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A sexless thing it was, and in its growth
It seemed to have developed no defect
Of either sex, yet all the grace of both,

In gentleness and strength its limbs
were decked;

The bosom swelled lightly with its full youth,

The countenance was such as might

select Some artist that his skill should never die,

Imaging forth such perfect purity.


Around their inland islets, and amid The panther - peopled forests, whose shade cast

Darkness and odours, and a pleasure

In melancholy gloom, the pinnace past;
By many a star-surrounded pyramid
Of icy crag cleaving the purple sky,
And caverns yawning round unfathom-



The silver noon into that winding dell,
With slanted gleam athwart the forest
Tempered like golden evening, feebly

A green and glowing light, like that
which drops

From folded lilies in which glow-worms dwell,


And ever as she went, the Image lay

With folded wings and unawakened eyes;

And o'er its gentle countenance did play The busy dreams, as thick as summer flies,

From its smooth shoulders hung two Chasing the rapid smiles that would not rapid wings,


Fit to have borne it to the seventh sphere
Tipt with the speed of liquid lightenings,

Dyed in the ardours of the atmosphere:
She led her creature to the boiling springs
Where the light boat was moored,
and said: "Sit here!"

And pointed to the prow, and took her


Beside the rudder, with opposing feet.

When earth over her face night's mantle wraps;

Between the severed mountains lay on


Over the stream, a narrow rift of sky.

And drinking the warm tears, and the
sweet sighs

Inhaling, which, with busy murmur vain,
They had aroused from that full heart

and brain.


And ever down the prone vale, like a cloud



Upon a stream of wind, the pinnace And down the streams which clove those Now lingering on the pools, in which mountains vast, abode

The calm and darkness of the deep With which frost paints the pines in winter time.


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winged minions,

All interwoven with fine feathery snow And moonlight splendour of intensest rime,

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The water flashed like sunlight by the prow

Of a noon-wandering meteor flung to

The still air seemed as if its waves did


In tempest down the mountains ; loosely driven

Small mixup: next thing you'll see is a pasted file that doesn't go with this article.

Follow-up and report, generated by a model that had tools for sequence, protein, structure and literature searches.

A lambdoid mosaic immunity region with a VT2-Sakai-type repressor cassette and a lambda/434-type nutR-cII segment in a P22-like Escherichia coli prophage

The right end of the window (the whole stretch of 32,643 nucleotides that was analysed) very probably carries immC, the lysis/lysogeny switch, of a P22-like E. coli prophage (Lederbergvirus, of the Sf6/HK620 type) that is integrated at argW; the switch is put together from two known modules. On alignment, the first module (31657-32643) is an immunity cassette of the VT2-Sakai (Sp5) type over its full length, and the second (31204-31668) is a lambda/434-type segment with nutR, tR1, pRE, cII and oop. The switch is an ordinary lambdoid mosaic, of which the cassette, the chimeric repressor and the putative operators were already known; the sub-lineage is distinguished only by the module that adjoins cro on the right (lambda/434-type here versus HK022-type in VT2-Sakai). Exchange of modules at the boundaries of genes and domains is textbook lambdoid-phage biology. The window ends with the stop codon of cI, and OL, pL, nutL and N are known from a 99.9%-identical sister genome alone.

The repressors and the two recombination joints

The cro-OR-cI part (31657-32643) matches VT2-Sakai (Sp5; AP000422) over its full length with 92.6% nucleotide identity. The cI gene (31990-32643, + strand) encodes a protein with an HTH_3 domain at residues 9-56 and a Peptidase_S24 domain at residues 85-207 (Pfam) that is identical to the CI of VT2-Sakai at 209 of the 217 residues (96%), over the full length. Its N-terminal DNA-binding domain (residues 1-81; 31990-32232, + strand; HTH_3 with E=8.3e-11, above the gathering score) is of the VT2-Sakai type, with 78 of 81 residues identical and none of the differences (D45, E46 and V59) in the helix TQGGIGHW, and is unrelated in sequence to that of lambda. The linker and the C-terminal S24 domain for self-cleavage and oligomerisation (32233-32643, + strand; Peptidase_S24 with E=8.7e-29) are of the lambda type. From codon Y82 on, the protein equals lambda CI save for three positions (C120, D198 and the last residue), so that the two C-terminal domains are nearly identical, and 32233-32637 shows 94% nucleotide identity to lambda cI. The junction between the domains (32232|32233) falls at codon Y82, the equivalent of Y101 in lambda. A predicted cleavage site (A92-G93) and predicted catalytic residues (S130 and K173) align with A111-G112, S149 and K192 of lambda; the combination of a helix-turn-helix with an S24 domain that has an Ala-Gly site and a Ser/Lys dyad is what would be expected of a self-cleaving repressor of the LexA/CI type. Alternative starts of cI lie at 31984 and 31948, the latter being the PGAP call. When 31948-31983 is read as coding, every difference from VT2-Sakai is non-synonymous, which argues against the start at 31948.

The lady's radiant hair streamed to and fro:

Beneath, the billows having vainly striven Indignant and impetuous, roared to feel The swift and steady motion of the keel.


Or, when the weary moon was in the wane,

Or in the noon of interlunar night, The lady-witch in visions could not chain

Her spirit; but sailed forth under the light

And from above into the Sun's dominions

Flinging a glory, like the golden glow Of shooting stars, and bade extend In which Spring clothes her emerald


Its storm-outspeeding wings, the Hermaphrodite ;

She to the Austral waters took her way, Beyond the fabulous Thamondocana.



Where, like a meadow which no scythe On which that lady played her many

has shaven,


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There she would build herself a windless haven

Out of the clouds whose moving turrets make

The bastions of the storm, when through the sky

The spirits of the tempest thundered by.

And around which the solid vapours hoar,

Based on the level waters, to the sky Lifted their dreadful crags, and like a shore



And then she called out of the hollow turrets

A haven beneath whose translucent floor

Of those high clouds, white, golden and vermilion,

The tremulous stars sparkled un- The armies of her ministering spirits



And hanging crags, many a cove and



And whilst the outer lake beneath the lash

They came, each troop emblazoning its merits

On meteor flags; and many a proud pavilion

Of wintry mountains, inaccessibly Of the intertexture of the atmosphere Hemmed in with rifts and precipices | They pitched upon the plain of the calm


Of the wind's scourge, foamed like a wounded thing

And the incessant hail with stony clash Ploughed up the waters, and the flagging wing